Fallin questioned repercussions in custody dispute

BY ASSOCIATED PRESS
04/30/2014 08:39 AM
OKLAHOMA CITY (AP) – Oklahoma Gov. Mary Fallin sought to speak with advisers about repercussions with the Cherokee Nation as she considered intervening in a custody dispute involving a Cherokee girl, according to correspondence released to The Associated Press under an open records request.

Fallin’s spokesman, Alex Weintz, emailed Fallin’s legal counsel on Aug. 13, saying the governor would like to meet to go over issues, including “Repercussions with Cherokees ... repercussions with national guard.”

The bitter custody case centered on a 4-year-old girl named Veronica. Her birth mother was pregnant when she put the girl up for adoption, and Matt and Melanie Capobianco of James Island, S.C., had been lined up to receive custody since 2009. But Veronica’s biological father, Dusten Brown, a citizen of the Cherokee Nation, and his family claimed the Indian Child Welfare Act mandated that the child be raised within the Cherokee Nation, and he won custody when the girl was 2.

The case went in front of the U.S. Supreme Court, which found in June 2013 that the federal law did not apply. Brown refused to give up custody, and he was charged in South Carolina with custodial interference. South Carolina Gov. Nikki Haley made a request for extradition on Aug. 12, but Fallin said she wanted to wait until Brown had his day in court.

This appears, based on the documents the AP obtained, to have been a concern for Fallin and her aides, who were cognizant of how it would be perceived that one governor was not responding to another governor’s request.

“Just FYI I spoke with (South Carolina’s communications director) and explained our position,” Weintz wrote in an email to Fallin and Denise Northrup, Fallin’s chief of staff, on Aug. 14. “He said thanks, they understand. Also said they weren’t doing any national media appearances on this subject and were conscious of avoiding a Gov vs. Gov storyline.”

Two days later, Fallin was set to sign a compact with the Cherokee Nation. Weintz emailed Fallin to tell her that the state’s largest tribe was planning to bring a camera crew and that they may ask her to make comments.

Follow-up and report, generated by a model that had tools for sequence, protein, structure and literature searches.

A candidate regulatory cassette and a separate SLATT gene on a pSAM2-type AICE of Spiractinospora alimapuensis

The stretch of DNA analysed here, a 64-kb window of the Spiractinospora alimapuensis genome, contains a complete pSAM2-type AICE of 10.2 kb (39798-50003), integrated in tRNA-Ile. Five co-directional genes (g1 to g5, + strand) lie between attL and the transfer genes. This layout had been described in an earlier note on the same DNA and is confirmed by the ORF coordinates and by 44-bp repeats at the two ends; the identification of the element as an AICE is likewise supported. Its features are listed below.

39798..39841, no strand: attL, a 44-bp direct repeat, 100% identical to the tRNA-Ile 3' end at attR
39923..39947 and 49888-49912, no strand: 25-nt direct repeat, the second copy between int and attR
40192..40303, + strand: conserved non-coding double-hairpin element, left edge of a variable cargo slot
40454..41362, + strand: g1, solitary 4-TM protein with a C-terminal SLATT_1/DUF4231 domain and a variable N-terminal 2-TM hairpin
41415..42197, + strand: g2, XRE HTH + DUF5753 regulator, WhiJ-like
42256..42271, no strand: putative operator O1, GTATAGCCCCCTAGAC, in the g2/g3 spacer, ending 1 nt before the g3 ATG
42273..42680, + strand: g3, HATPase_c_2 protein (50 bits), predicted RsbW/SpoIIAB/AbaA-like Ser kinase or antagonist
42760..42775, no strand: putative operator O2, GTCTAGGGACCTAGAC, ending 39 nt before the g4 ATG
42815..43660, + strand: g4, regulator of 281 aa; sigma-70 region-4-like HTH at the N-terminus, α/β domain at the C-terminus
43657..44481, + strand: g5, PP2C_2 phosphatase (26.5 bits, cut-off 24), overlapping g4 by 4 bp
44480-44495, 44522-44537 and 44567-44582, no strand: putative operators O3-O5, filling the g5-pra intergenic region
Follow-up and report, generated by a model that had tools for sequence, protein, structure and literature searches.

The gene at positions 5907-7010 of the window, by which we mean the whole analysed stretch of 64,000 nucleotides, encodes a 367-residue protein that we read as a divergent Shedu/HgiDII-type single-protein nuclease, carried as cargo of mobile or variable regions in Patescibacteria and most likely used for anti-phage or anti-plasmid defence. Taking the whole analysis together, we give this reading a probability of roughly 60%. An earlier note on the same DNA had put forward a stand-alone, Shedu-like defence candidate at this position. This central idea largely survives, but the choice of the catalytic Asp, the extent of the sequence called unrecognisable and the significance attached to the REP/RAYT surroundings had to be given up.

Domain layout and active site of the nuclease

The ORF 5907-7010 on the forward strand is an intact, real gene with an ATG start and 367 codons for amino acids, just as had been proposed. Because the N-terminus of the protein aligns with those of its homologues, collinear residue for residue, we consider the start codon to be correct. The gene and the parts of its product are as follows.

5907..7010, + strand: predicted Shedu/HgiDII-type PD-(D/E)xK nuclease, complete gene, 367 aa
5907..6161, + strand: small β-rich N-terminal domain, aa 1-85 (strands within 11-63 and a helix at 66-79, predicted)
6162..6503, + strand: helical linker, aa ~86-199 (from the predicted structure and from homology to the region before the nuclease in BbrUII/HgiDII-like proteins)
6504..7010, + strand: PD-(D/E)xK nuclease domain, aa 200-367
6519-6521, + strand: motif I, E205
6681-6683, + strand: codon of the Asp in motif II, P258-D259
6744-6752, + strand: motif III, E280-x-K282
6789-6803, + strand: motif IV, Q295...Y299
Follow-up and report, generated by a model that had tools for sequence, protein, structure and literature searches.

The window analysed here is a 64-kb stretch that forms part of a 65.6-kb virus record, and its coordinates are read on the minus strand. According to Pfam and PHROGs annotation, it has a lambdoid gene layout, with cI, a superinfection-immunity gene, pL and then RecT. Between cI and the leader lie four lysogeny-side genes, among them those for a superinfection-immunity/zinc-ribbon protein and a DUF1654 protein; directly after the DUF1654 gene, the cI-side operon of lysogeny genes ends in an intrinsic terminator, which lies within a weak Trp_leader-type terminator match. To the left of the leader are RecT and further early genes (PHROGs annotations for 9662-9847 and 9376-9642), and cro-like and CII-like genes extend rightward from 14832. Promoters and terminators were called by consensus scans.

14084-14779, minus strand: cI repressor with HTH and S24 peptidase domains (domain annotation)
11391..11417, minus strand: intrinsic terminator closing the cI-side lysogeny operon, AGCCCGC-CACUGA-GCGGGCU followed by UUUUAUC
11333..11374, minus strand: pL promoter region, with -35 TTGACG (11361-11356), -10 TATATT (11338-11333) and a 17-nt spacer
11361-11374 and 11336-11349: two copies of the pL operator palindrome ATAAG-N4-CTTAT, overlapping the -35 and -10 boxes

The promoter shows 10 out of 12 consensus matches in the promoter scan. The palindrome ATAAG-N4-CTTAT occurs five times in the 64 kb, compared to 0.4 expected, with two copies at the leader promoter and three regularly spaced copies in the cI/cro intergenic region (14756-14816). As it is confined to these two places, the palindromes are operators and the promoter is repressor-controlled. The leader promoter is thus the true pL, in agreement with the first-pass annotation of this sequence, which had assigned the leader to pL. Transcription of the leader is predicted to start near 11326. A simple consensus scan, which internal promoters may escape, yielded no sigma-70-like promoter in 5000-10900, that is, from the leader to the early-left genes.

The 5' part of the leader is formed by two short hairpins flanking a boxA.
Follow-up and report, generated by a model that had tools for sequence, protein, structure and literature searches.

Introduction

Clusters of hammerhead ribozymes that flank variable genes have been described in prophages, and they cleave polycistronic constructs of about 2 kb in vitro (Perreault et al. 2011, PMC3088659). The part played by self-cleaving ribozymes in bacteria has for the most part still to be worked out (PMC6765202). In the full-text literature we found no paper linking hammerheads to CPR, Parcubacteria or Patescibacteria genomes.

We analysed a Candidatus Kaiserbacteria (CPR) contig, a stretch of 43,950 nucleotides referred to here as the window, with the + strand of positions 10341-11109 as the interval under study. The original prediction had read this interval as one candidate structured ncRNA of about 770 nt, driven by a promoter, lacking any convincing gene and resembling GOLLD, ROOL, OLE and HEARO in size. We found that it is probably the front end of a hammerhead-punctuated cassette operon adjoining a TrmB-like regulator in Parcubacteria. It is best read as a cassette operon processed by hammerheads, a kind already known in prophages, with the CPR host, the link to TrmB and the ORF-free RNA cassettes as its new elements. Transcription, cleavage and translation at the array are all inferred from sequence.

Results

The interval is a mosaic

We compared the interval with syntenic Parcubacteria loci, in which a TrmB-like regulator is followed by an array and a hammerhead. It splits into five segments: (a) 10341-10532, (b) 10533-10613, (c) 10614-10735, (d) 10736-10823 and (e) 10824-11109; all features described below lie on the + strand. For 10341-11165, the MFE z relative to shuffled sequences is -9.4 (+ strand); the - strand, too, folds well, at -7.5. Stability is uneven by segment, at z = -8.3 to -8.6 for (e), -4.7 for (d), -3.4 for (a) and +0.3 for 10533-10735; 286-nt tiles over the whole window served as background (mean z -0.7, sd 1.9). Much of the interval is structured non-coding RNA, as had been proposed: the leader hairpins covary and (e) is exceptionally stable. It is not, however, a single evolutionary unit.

“I think its (sic) a good thing ... As much as we can show cooperation on any issue during the whole baby veronica deal,” Weintz wrote, to which Fallin responded: “Sounds good.”

Fallin signed the extradition order Sept. 4 for Brown to face the criminal charge. Later that month, after the Oklahoma Supreme Court lifted an emergency stay that kept Veronica in Oklahoma, Brown handed her over to the Capobiancos. The extradition order was then dropped.

The emails were among more than 2,600 pages released to the AP that included correspondence between the governor and her advisers; emails and Facebook messages from constituents as well as out-of-state individuals about the case; and news articles. The records only included non-privileged documents relating to the case.

Weintz did not respond to a phone message and email on Friday about whether any documents were not released due to privilege and if so, what privilege was being cited.

News

BY STAFF REPORTS
05/22/2015 01:00 PM
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BY STAFF REPORTS
05/21/2015 02:00 PM
The Cherokee Phoenix Editorial Board will be meeting via conference call at 9 a.m. CDT, June 2, 2015. To attend, please use the conference call information listed below. The meeting agenda is <a href="http://www.cherokeephoenix.org/Docs/2015/5/9284_150602_EBAgenda.pdf" target="_blank">here</a>. Dial-in: 866-210-1669 Entry code: 4331082
BY STAFF REPORTS
05/21/2015 11:00 AM
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BY STAFF REPORTS
05/20/2015 10:00 AM
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BY STAFF REPORTS
05/19/2015 04:00 PM